When buying or selling a security, investors typically are interested in the following three questions: How likely am I to transact? What price am I likely to receive? How much does this transaction price vary? We therefore estimate the following three observables in the model both with and without HFT: (1) the probability that a submitted order will result in a transaction, (2) the average transaction price of filled orders, and (3) the volatility of the transaction price of filled orders (the standard deviation of the transaction price). We run the simulation 100 times for 10000 time steps both with and without HFT, and we record average values of the relevant observables. The results are shown in Figs. 3 and 4 and in Table 1, which we discuss in more detail below.
1. Transaction prices are more accurate when HFT is present, i. e., they are closer to the equilibrium value.
2. Volatility is reduced when HFT is present.
3. Liquidity is increased when HFT is present.
The equilibrium price, defined as the intersection of the expected aggregate supply and demand curve in the simulation, is just the mean of the uniform distribution of prices, i. e., 100.5. As seen in Table 1, the average transaction price both with and without HFT converges to the equilibrium value within the 2 standard error range that defines a 95 % confidence interval. However, the variance around the equilibrium value is reduced when HFT is added. The reduction in variance is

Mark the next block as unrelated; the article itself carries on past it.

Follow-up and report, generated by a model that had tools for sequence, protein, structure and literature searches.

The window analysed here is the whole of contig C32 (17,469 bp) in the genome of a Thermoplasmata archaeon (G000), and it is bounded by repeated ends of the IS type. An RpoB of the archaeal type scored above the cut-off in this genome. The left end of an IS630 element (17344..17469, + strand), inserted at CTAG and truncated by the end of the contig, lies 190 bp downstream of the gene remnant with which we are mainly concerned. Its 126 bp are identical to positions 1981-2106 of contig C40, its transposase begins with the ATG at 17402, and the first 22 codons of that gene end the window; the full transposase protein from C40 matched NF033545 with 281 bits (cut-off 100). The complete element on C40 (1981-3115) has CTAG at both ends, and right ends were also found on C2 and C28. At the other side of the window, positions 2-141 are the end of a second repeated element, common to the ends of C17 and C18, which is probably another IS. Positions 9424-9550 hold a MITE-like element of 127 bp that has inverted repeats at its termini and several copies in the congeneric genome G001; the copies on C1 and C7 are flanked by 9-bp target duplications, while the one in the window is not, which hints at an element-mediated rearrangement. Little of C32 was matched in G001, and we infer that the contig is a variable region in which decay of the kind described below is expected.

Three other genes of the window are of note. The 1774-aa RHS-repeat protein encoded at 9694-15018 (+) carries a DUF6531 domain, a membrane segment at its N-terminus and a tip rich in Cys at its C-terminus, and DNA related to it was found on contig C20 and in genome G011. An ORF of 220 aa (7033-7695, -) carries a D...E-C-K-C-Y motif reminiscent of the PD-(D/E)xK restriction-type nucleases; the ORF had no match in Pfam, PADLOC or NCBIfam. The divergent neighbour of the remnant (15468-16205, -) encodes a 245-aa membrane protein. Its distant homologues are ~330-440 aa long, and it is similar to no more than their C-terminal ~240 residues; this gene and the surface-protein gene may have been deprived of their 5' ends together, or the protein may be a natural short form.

shown in Table 1 and can be seen in the comparison of the histogram of transaction prices in Fig. 3a,b. As seen in the figure, HFT causes more transactions to occur near the equilibrium price. This result matches previous empirical studies that have shown algorithmic trading in general and HFT specifically increases the accuracy of prices in markets (Brogaard et al. 2013; Hendershott et al. 2011).
Empirical studies have also found that HFT reduces intraday volatility (Has – brouck and Saar 2013). Our simulation reproduces this result as well (see Fig. 4b). Because the equilibrium price is constant in the model, any variance in transaction price can be interpreted as excess volatility. Because HFT reduces the variance of execution prices, it also reduces the volatility of the market.
The final metric we consider is liquidity. An asset is liquid if “it is more certainly realizable at short notice without loss” (Keynes 1930). Liquidity can be defined quantitatively in a number of ways. However, our model accounts for the requirement of short notice, as orders are canceled if they do not result in a transaction, and when they do transact, the price must satisfy the reservation price initially generated. As a result, our measure of liquidity is the number of transactions that take place per simulation, or the probability that an order transacts. As shown
Fig. 4 Comparison plots of (a) average transaction price, (b) volatility, (c) transaction probability, and (d) volume (number of trades) in the simulation both with and without HFT. Note that the introduction of HFT has no discernible effect on price, but statistically significant reduction of volatility, along with an increase in the number of trades and the likelihood of a given order being filled. Error bars denote 95 % confidence intervals
Table 1 Average of parameters over 100 runs of 10000 iterations of the simulation. Standard deviations are shown in parentheses below the average. For the HFT case, the average is taken over both markets
Acknowledgements This chapter is a modified version of Benjamin Myers MPhys thesis originally entitled “Agent Based Simulations of High-Frequency Trading in Financial Markets.” This work was supported by the European Commission FP7 FET-Open Project FOC-II (no. 255987).